Restorative Denver | Denver County 

Run by The Conflict Center, Restorative Denver addresses crime and its impacts through restorative justice in Denver county. In partnership with the Denver County DA’s office, the program has resolved 145 cases, which include felonies, in 2021 with a 1% recidivism rate. The two-year-old program hopes to keep expanding its capabilities and offer more restorative justice options. 

Special Interest Legal Advocacy 

Earthjustice | Statewide, National

Since 1971, Earthjustice has represented environmental concerns. The Rocky Mountain office protects regional public lands and environment, “challenges reckless oil and gas development and off-road vehicle use” and safeguards water resources. According to the organization’s mission statement, “we are here because the earth needs a good lawyer.”

Immigrant Legal Center of Boulder County | Statewide, Nebraska, Utah, Wyoming

The Immigrant Legal Center of Boulder County provides legal resources to the immigrant community across Colorado and several western states. Since 2005, the organization has served 4,500 immigrants from 83 countries and works to expand access to legal services. The non-profit provides education on U.S. immigration law and educates the public on barriers faced by the immigrant community.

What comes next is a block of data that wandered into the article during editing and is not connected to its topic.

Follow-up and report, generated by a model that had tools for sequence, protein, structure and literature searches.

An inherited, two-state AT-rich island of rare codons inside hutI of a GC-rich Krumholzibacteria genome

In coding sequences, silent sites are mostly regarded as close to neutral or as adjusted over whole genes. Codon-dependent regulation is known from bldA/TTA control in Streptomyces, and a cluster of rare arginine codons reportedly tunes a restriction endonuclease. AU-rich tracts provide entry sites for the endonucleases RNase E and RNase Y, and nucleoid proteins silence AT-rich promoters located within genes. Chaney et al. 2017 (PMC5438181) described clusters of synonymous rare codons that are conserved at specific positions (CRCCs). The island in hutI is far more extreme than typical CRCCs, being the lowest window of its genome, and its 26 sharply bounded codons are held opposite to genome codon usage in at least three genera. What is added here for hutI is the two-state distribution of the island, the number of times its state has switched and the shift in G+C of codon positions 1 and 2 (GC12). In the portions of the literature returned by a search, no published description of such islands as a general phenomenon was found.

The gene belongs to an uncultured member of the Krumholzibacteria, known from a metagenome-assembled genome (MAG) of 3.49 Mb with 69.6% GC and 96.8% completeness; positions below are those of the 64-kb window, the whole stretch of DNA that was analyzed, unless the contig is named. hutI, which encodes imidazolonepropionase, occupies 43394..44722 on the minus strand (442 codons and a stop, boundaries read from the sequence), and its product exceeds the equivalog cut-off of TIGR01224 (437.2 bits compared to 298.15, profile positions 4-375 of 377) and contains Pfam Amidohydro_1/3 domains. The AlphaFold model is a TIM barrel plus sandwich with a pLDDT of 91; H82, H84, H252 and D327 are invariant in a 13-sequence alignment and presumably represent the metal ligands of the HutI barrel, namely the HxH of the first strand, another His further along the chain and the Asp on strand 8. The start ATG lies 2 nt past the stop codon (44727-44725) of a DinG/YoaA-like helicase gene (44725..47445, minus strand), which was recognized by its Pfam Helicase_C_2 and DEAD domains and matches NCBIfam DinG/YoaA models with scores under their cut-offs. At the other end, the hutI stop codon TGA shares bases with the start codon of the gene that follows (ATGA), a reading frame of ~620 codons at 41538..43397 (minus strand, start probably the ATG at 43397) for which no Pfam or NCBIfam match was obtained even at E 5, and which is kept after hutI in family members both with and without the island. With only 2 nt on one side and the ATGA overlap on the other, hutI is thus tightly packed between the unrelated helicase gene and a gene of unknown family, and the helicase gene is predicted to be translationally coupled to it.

J-SUP | Boulder County 

J-SUP has provided pro bono legal services for Boulder’s homeless community since 2014. In 2021, the organization served 50 unhoused clients in a variety of matters including obtaining ID, social security or disability status and representing them in municipal court. The organization’s services aim to “ensure [homeless individuals] are treated fairly and receive available services and benefits to assist them in overcoming homelessness.”

Mountain States Legal Foundation | Statewide, Western States

Mountain States Legal Foundation provides legal representation to clients “to fight for the right to own and use property, limited and ethical government, individual liberty and the free enterprise system.” The public interest law firm has represented individuals in Colorado and nine other western states since 1971. 

Native American Rights Fund | National